The Chargers spent most of winter shopping Turner, but no team met their asking price, and general manager A.J. Smith declared the running back off-limits in trade talks. Most of teams in the discussion - Buffalo, Green Bay and Tennessee - addressed the running back position through the draft, so it looks like Turner is again entrenched in a backup role for one more year in San Diego. At 5-10, 237, Turner is stoutly built, and while not as shifty as LaDainian Tomlinson, he’s got more straight-ahead speed. Turner averaged a whopping 6.3 YPC last season and 6.0 for his career. In other words, there's significant upside here if Turner were to find himself in a starting role, whether through trade or if Tomlinson were to get hurt. Tomlinson is by all accounts superhuman, but he has accrued quite a bit of mileage over the years. At the very least, every Tomlinson owner has to back him up with Turner, even reaching a round or two to be sure. Once all the clear-cut starters are off the board, Turner makes a fine pick in fantasy leagues. At that point in drafts, guys in committee situations slated to get more touches might be safer options, but Turner possesses far more upside.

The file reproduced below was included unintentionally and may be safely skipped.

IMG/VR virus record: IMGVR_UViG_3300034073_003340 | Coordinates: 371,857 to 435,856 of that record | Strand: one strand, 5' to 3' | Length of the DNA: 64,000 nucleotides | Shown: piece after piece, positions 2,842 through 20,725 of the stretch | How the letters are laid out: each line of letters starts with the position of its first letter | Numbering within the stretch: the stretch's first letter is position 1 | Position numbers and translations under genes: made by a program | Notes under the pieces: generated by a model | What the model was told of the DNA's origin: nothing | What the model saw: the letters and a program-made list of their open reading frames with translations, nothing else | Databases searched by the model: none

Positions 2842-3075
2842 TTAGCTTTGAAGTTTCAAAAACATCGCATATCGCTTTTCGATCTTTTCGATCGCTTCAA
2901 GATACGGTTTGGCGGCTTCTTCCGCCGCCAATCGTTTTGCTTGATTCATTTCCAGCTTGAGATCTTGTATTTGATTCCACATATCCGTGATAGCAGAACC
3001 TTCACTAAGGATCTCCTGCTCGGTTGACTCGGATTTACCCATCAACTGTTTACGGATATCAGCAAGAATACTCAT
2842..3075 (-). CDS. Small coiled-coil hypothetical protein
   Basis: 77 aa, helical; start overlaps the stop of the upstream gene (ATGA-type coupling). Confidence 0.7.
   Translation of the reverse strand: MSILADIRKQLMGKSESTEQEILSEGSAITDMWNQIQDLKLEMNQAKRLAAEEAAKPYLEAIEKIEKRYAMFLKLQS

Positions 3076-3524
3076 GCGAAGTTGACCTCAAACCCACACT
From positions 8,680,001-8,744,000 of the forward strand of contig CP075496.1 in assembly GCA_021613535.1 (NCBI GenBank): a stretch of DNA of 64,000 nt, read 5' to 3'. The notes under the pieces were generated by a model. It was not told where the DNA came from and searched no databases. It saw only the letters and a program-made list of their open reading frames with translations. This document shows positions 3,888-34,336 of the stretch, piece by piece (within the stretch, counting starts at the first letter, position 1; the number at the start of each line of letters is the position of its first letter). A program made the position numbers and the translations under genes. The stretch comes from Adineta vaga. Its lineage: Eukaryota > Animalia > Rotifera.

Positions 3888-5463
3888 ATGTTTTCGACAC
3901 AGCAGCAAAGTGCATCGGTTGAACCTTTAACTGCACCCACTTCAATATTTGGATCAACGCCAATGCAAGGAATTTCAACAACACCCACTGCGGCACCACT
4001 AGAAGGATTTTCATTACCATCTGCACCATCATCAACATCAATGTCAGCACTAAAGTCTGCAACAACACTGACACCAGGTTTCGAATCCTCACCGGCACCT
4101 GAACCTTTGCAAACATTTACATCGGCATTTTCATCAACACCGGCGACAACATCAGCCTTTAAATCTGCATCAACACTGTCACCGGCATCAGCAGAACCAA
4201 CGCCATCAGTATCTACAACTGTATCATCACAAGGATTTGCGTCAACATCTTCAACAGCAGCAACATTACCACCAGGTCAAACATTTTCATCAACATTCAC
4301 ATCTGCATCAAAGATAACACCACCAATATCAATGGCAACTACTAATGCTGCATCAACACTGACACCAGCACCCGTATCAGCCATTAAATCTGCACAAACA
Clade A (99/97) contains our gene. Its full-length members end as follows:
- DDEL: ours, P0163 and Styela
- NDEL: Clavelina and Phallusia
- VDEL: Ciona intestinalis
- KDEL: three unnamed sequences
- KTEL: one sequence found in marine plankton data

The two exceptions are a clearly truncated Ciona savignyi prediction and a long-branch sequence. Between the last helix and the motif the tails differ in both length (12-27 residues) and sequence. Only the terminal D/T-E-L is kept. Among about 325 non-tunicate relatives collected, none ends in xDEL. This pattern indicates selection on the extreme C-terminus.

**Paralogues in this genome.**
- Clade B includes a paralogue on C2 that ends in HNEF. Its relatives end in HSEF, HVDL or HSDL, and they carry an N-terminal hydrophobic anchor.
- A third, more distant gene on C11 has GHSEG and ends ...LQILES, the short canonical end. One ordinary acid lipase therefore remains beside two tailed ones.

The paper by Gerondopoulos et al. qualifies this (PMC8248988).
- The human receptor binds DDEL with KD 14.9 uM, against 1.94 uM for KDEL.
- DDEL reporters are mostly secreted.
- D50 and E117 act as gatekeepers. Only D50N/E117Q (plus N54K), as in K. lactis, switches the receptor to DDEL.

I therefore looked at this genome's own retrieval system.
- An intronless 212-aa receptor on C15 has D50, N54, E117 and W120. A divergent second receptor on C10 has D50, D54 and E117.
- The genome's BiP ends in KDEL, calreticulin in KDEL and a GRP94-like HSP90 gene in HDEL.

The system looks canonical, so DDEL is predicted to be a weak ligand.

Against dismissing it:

Turner’s shown flashes of big-play running ability in his two seasons as the main backup to LaDainian Tomlinson, with a career YPC of 5.7, and last season he added some red zone touches (2-for-16) to the mix, as the Chargers eased the load on their meal ticket. Tomlinson’s minor injury history make the odds of a breakdown just a little bit higher than those of some other stud running backs, so Turner should almost be considered a must-draft as insurance for Tomlinson owners.
With the release of Jesse Chatman, Turner will challenge for the prized title of #2 running back this season. Starter LaDainian Tomlinson has a lot of miles in the tank, and he started to show some signs of wear and tear last year, so Turner could be a significant performer this season. The second year back was a monster in college (albeit at a small school), and the coaches seem to like what he brings to the table in terms of physical abilities. His fantasy value will depend largely on how well he plays in the preseason. If he excels, he becomes a mandatory hand cuff for LT owners.
Turner is a very interesting player heading into 2004. At Northern Illinois University, he rushed for over 3,500 yards combined during his junior and senior seasons. Scouts think he has the tools to one day become a featured back in the NFL. If LaDainian Tomlinson gets injured, Turner could be a hot commodity.